A Watcher Verses The Watcher In The Woods
 

So I finally finished the book version of “A Watcher In The Woods,” which Disney made into the movie “The Watcher In The Woods” back in 1980 (the book originally published in 1976). As I said before, the same basic premise is in both, that Karen Alywood is missing and it’s up to Jan to find her from the clues left by “The Watcher,” but it’s as if Disney and the book’s author had two completely different versions of the story from there on out. Since I know someone will probably find the old post at some point through Google, I’m listing the major differences here between the two. If you’ve never watched the movie and intend to, this will spoil it all! If you’ve watched the movie and are curious to know how much Disney mucked up, keep reading. Again, this is only a list of the major differences, there are too many to count!

In the movie, Jan, her sister Ellie and parents apparently move from the US to England. Her father is a composer and took a job as a pianist there (or something music related, possibly at a school, I can’t recall). In the book the family moves from Ohio to Massachusetts, the father is an English professor and took a job at a college.

In the movie Mrs. Alywood rents the house to Jan’s family because Jan reminds her of her daughter Karen. She later looks to the words saying to the watcher “They are staying, is that what you wanted.” The watcher rustles the leaves. In the book she sells the house to them because the watcher tells her to by nodding her approval when they arrive. Mrs. Alywood looks to the woods for a sign.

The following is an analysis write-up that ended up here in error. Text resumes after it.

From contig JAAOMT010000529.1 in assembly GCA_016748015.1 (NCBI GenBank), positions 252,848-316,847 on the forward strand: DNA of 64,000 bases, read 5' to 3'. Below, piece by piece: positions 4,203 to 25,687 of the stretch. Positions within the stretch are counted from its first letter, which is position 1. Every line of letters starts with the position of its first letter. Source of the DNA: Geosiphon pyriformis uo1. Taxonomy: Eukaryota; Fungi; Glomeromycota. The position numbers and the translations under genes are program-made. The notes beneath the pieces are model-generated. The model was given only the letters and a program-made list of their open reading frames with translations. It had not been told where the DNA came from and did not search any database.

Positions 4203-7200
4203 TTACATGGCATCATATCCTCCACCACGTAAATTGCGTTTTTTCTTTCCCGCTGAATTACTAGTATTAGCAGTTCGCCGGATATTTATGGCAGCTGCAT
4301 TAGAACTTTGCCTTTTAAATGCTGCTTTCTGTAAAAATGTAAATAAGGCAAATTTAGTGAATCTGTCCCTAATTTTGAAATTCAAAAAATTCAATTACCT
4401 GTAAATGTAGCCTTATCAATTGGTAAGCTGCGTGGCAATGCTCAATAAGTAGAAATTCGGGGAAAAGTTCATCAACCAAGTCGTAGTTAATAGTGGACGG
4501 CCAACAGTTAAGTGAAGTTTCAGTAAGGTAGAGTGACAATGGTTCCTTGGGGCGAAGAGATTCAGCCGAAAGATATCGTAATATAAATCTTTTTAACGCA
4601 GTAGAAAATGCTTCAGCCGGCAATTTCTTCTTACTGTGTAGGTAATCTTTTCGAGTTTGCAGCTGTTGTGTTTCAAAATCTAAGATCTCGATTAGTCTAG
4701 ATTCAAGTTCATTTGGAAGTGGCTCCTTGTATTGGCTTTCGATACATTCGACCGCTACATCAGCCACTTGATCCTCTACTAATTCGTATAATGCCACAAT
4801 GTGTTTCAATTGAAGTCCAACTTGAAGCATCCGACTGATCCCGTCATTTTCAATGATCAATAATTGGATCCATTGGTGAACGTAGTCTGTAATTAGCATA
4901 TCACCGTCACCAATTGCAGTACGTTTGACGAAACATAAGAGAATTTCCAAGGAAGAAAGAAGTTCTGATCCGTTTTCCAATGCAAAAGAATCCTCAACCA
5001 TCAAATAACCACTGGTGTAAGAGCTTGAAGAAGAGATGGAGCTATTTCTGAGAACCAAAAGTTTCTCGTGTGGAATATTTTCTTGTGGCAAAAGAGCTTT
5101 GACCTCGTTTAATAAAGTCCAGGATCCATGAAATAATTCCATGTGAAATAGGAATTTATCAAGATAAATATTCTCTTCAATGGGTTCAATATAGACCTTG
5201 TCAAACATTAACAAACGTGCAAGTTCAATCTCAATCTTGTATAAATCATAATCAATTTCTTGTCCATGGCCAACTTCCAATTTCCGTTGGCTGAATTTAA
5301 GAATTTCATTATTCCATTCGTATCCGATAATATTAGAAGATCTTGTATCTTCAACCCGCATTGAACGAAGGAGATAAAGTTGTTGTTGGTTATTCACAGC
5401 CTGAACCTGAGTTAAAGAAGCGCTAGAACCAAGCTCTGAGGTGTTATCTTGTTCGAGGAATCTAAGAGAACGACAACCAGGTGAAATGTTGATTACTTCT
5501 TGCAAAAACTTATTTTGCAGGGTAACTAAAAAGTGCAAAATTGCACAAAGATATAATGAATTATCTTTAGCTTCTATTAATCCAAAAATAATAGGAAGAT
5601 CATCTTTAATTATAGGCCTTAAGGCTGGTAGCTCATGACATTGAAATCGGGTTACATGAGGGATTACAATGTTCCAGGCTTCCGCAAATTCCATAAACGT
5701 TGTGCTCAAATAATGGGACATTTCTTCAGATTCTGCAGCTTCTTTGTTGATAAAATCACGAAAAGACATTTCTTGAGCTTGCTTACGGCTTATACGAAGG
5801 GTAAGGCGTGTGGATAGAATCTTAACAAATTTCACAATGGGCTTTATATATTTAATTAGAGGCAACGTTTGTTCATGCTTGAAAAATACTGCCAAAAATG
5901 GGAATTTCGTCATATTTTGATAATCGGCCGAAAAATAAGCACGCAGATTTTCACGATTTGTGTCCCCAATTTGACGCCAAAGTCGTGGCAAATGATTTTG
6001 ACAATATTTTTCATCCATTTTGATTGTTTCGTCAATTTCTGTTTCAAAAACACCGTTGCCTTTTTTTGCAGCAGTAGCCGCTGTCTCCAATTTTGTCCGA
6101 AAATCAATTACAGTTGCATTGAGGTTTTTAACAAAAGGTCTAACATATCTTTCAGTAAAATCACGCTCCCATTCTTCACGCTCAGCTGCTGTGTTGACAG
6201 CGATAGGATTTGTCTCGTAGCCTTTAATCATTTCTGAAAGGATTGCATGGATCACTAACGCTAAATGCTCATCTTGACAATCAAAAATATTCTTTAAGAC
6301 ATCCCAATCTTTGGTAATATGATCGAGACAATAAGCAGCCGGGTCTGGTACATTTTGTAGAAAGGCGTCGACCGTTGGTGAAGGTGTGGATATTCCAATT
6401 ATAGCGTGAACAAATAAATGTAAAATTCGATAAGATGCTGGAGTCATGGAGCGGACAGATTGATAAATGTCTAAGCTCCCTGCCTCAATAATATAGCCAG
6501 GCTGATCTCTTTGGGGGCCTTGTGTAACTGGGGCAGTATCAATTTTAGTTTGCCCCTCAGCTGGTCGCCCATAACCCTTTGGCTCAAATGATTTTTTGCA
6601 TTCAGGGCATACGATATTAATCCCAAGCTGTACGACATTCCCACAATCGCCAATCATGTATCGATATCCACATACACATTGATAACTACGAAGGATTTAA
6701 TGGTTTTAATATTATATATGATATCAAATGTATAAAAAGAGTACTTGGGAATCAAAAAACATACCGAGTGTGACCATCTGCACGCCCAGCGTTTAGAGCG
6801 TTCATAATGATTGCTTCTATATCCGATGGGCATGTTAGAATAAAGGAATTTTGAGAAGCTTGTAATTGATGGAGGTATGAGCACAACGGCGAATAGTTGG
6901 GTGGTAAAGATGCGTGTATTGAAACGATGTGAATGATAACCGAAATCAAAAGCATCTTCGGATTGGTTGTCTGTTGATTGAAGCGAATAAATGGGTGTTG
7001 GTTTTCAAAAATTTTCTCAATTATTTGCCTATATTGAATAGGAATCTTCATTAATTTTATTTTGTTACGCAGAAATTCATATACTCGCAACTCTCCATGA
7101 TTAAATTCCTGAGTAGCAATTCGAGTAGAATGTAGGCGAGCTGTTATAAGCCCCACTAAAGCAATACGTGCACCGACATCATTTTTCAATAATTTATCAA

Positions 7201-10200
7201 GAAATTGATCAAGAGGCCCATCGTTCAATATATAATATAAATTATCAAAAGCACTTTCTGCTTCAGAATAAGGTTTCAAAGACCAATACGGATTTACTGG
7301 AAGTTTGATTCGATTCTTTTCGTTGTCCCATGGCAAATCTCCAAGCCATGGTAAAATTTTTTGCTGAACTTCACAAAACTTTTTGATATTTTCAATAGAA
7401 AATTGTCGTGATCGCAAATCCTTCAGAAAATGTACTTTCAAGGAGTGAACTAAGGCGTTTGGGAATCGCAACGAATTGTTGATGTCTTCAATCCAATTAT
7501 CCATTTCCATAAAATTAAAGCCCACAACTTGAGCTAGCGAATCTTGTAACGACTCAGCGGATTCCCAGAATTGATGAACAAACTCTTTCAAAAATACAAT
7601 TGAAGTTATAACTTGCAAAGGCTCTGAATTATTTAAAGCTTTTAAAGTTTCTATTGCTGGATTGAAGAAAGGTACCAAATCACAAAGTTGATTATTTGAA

In the movie Mrs. Alywood lives in a small servant’s cottage next to the main house. In the book there is no cottage, after selling the house she moves to a retirement community. However she does so knowing she won’t be staying there, that she would be reunited with Karen soon.

In the movie Ellie hears the watcher speaking to her, goes into trances and writes backwards on windows and mirrors. In the book she hears the watcher but only writes backwards on paper. Her father is the one who sees it and calls it “mirror writing.” The father and mother are much more integral in the book, learning about the watcher and helping Jan solve the mystery and reunite Karen and Mrs. Alywood.

In the movie Jan senses the watches is in the woods and even sees images of Karen in a broken mirror, an old church coffin and in a fun house mirror. In the book Jan does more than sense the watcher, she can feel what the watcher feels, when she’s happy, sad or frustrated. In the book Jan only sees Karen’s image once, in a hole in a large oak tree.

In the movie mirrors and glass crack in the form of triangles to represent the three friends that were with Karen when she disappeared. In the book mirrors crack in Xs. This is not fully explained why, but later it seems it is a countdown of days left to when the portal will open again.

In the movie Karen disappeared some 30 years ago during a special type of solar eclipse. She could be brought back during the next one, which was coming up in a few days. In the book Karen disappeared into a portal opened by aliens on another world who were sending a small child to earth to explore for the day. Karen was accidentally sucked into the portal, which is the hole in the oak tree. To the alien child, fifty earth years are but a day to her, so the portal is set to be open again on the 50th anniversary of Karen’s disappearance, or the next day to the alien watcher.